The Keep, by Jennifer Egan

This 2006 work is a strange novel. We read mainly about Danny and Howie, two cousins who have a back story in which Howie has a reason to resent Danny. Now, Howie is wealthy and invites Danny to join him at a castle in Central Europe that he is restoring and from which he has deliberately removed all forms of modern communication. Danny has offended some gangster types in New York and needs to escape, so he is grateful for the invitation. But when he arrives at the hotel he is uncomfortable at losing communication with the outside world. He is also not sure whether he should trust Howie. Has his cousin invited him abroad because he finally is out for revenge?

But just as we get into the intriguing and realistic story about their relationship and about the castle and its keep, their story is interrupted, and more than once, by a first person narrative of Ray, a convict confined in a maximum security prison for violent offenders. Who is taking a course in creative writing under a teacher named Holly. And it is difficult to see the connection between these two stories.

But of course they do come together at the end. Except, in a strange way. They come together as mutual stories of confinement and escape, of victimization and imagination. Moreover, only one of the stories is real, even though both have been presented in vivid detail, especially that of the partly restored castle, which is built over hidden tunnels, and otherwise is dark, is falling apart, and houses a mysterious and elderly, albeit seductive, baroness.

One sees such disjunction as characteristic of Egan novels. Which often jump back and forth in terms of place and time and culture. They keep the reader working, keep him off balance, presumably to get him more involved in her work. But there is also a playfulness here, almost a taunting, as if she wants to keep one step ahead of the reader. To say, this is my world, my story. Not yours. Not what you may be accustomed to.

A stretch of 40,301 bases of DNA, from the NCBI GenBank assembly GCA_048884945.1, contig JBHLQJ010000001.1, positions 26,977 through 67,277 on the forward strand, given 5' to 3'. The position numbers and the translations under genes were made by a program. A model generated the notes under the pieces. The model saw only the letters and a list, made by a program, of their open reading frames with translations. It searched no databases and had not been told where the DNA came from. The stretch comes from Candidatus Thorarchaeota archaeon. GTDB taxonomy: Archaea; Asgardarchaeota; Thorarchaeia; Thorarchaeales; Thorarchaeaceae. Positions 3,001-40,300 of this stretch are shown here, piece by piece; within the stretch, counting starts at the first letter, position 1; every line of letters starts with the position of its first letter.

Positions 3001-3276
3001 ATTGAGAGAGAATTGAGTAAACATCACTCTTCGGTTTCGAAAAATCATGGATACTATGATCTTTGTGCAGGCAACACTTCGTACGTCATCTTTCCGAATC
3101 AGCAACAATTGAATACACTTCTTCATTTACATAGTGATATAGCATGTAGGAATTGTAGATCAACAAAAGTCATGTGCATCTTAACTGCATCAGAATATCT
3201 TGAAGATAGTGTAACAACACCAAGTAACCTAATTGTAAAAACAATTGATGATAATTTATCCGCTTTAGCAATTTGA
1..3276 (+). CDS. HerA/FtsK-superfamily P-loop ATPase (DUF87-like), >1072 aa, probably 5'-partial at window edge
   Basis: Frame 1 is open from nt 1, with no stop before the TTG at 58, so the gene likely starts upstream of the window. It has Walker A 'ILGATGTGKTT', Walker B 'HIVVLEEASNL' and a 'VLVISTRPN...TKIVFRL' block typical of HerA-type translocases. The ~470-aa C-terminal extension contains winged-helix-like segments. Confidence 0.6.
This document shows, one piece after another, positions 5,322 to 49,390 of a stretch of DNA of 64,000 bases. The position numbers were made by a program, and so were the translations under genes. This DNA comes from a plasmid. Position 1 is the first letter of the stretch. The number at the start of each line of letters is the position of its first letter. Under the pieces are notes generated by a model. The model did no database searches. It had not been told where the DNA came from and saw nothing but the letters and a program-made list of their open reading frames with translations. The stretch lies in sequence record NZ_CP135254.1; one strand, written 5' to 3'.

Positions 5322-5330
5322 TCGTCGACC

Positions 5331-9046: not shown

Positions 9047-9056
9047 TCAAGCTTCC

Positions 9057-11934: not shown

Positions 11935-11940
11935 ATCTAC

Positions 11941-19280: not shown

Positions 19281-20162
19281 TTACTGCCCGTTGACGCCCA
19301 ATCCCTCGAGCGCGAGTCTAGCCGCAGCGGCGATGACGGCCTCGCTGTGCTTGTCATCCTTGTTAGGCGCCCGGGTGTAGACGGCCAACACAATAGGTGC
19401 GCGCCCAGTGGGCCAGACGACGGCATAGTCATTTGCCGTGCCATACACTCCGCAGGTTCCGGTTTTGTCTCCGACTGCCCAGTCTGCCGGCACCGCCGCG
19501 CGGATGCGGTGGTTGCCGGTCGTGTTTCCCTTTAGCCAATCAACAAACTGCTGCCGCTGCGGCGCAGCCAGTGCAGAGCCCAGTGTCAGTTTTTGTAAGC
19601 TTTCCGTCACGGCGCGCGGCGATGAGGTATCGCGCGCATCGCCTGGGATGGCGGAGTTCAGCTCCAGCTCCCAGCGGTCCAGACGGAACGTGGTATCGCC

This is illustrated most openly by the voice of Ray that keeps popping up out of nowhere to address the reader. It may be about how a certain transition is achieved. Or it will reveal a character in one story becoming a character in another story. Which certainly pulls the reader up short, pulls him out of the world he is reading about and prompts him to ask: what is going on here? What is this novel trying to say?

The realism of the castle and the keep provide the basic solidity to this novel. And at the same time, we feel ourselves in a world of the unworldly, of the preternatural if not the supernatural. When Danny meets the resident baroness, the novel captures the medieval magic of the past. When Danny explores the tunnels, we feel the desperation of an adventure story. And when the hotel’s entire staff is trapped in the tunnels, we feel immersed in a world of horror and fantasy.